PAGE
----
RHAM girls' basketball off to a strong start
By Melanie Savage - Staff Writer
Hebron - posted Tue., Dec. 11, 2012
Coming off of a 15-5 regular season for 2011-12, the RHAM Sachems girls’ basketball team had racked up two wins already this year after a 78-24 victory against Fermi on Dec. 7. The Sachems made it look easy against Fermi. “They weren’t very good,” said head coach Tim Guernsey.
Farmington, which was RHAM’s first official game for 2012-13, had presented more of a challenge. The Sachems won the game by one point, with a final score of 46-45. “The pace was a little bit faster against Farmington,” said Guernsey, “and we were out of gas by the end.” Guernsey said that he’d be working on building up his players’ stamina going forward.
Overall, “It’s a very unselfish group,” said Guernsey. “I like the potential of this group. We show some promise. It’s just a matter of playing to our ability.”
Seniors on this year’s team include Cameron Rishell, a guard who last year was named, along with junior Sarah Veilleux, as a CCC All-Conference player for 2012. Rishell, a four-year member of the team, scored 11 of RHAM’s 78 points against Fermi. Rishell will likely be a big scorer for the Sachems this year. Veilleux, a 6-foot guard, scored 34 points against Fermi and will likely continue to be a top scorer for the team as well.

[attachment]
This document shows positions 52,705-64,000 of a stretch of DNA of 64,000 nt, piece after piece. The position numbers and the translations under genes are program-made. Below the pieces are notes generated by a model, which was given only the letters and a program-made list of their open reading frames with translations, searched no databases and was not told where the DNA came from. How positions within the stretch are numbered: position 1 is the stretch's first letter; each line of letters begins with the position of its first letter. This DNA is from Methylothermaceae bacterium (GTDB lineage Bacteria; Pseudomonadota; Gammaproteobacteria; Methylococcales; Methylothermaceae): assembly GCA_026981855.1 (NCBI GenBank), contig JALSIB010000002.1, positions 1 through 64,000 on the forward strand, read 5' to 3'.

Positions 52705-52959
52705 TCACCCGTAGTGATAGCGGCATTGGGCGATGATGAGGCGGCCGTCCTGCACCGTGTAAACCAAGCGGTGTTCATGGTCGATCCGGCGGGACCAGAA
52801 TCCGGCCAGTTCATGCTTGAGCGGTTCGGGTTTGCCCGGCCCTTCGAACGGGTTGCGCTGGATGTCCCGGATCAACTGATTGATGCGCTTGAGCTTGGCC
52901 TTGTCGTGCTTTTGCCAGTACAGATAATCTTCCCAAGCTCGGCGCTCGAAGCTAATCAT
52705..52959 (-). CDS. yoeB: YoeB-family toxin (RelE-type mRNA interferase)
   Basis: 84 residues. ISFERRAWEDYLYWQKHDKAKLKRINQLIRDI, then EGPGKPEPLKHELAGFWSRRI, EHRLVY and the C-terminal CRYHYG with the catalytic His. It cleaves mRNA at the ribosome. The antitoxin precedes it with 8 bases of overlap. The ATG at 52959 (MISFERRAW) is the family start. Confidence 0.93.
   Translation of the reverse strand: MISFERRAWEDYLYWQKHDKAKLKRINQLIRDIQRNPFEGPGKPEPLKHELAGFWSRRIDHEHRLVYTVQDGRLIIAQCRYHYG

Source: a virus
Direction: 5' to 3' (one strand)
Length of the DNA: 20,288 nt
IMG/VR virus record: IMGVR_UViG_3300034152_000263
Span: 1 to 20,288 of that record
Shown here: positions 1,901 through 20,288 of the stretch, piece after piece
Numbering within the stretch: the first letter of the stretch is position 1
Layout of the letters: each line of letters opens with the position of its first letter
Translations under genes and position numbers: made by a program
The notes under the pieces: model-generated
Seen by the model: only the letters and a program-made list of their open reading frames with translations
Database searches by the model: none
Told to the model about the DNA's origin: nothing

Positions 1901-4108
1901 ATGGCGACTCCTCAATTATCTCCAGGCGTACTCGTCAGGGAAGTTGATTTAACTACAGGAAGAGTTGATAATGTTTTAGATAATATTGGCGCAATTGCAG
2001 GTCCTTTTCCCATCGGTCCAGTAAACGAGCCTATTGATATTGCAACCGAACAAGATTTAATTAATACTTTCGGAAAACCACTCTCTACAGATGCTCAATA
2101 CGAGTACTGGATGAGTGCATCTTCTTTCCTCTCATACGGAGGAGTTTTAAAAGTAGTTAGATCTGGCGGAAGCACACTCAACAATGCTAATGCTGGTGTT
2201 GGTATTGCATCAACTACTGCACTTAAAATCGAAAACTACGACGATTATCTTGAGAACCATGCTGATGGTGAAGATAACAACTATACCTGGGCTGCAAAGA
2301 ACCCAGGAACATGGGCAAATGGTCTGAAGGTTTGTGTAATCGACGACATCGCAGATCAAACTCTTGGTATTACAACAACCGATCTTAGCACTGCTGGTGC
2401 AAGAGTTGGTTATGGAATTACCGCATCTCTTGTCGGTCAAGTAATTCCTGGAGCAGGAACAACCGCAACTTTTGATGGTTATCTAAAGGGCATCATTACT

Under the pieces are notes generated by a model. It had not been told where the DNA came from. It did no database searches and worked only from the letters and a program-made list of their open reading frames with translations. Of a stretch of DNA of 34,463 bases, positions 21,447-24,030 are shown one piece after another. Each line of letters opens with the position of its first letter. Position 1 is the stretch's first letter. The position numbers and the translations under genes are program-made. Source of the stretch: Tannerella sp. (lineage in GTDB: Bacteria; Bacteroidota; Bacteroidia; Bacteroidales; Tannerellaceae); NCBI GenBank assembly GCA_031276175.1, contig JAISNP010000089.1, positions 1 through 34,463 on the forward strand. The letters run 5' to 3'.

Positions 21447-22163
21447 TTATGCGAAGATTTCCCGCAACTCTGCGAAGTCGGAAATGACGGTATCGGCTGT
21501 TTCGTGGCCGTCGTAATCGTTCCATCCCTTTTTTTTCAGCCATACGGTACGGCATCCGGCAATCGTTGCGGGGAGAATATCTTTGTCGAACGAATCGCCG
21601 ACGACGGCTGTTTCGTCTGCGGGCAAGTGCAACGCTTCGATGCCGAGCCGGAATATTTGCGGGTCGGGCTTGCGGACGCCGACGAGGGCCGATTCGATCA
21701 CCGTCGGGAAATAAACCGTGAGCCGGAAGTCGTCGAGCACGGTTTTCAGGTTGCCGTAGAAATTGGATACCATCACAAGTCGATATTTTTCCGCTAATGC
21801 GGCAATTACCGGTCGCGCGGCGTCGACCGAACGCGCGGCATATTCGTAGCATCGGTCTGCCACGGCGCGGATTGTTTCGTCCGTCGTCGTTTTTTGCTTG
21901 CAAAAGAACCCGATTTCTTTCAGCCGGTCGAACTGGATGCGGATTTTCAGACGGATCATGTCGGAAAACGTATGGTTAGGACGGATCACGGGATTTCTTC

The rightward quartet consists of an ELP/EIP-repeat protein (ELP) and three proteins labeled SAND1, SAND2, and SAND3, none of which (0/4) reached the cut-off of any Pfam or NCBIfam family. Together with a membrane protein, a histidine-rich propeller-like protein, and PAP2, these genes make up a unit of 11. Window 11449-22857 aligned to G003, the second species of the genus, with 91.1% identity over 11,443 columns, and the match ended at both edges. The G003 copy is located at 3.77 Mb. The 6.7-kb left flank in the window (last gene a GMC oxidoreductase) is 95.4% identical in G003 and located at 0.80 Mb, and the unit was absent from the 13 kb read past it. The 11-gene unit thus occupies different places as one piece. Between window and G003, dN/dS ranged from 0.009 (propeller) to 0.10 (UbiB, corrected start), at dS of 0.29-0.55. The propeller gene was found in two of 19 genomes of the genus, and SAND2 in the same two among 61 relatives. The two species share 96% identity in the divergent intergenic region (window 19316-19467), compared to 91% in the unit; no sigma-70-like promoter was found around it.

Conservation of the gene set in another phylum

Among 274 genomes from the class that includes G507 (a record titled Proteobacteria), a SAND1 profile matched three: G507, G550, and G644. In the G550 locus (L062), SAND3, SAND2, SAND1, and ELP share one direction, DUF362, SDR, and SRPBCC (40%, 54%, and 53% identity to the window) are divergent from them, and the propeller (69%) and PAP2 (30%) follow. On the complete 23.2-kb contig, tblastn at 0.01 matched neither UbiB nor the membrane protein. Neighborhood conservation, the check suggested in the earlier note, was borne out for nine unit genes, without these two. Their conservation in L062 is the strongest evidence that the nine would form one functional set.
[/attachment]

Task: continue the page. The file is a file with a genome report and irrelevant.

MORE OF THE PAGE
Senior Marissa Larned, a small, fast guard, had seven steals against Fermi. Guernsey describes Larned as “more of a defensive specialist.” RHAM’s third senior, Caitlyn Ayotte, Guernsey describes as “an extremely unselfish player.”
Sisters Mallory and Sierra Stone, daughters of Gilead Hill School first-grade teacher Kelly Stone, reiterated the theme of the unselfishness of their team. “We’re like one big family,” said Sierra. “There are really no weak players. Everyone’s a good attribute to the team.”
Sierra, one of several freshmen who make up this year’s team, said that having a sister play helped a lot in terms of making the varsity team as a young player. With both parents playing the sport in the past, the sisters spend a lot of time practicing together. Regarding playing together, “I like it,” said Mallory, a junior guard. “There’s always someone there for you.”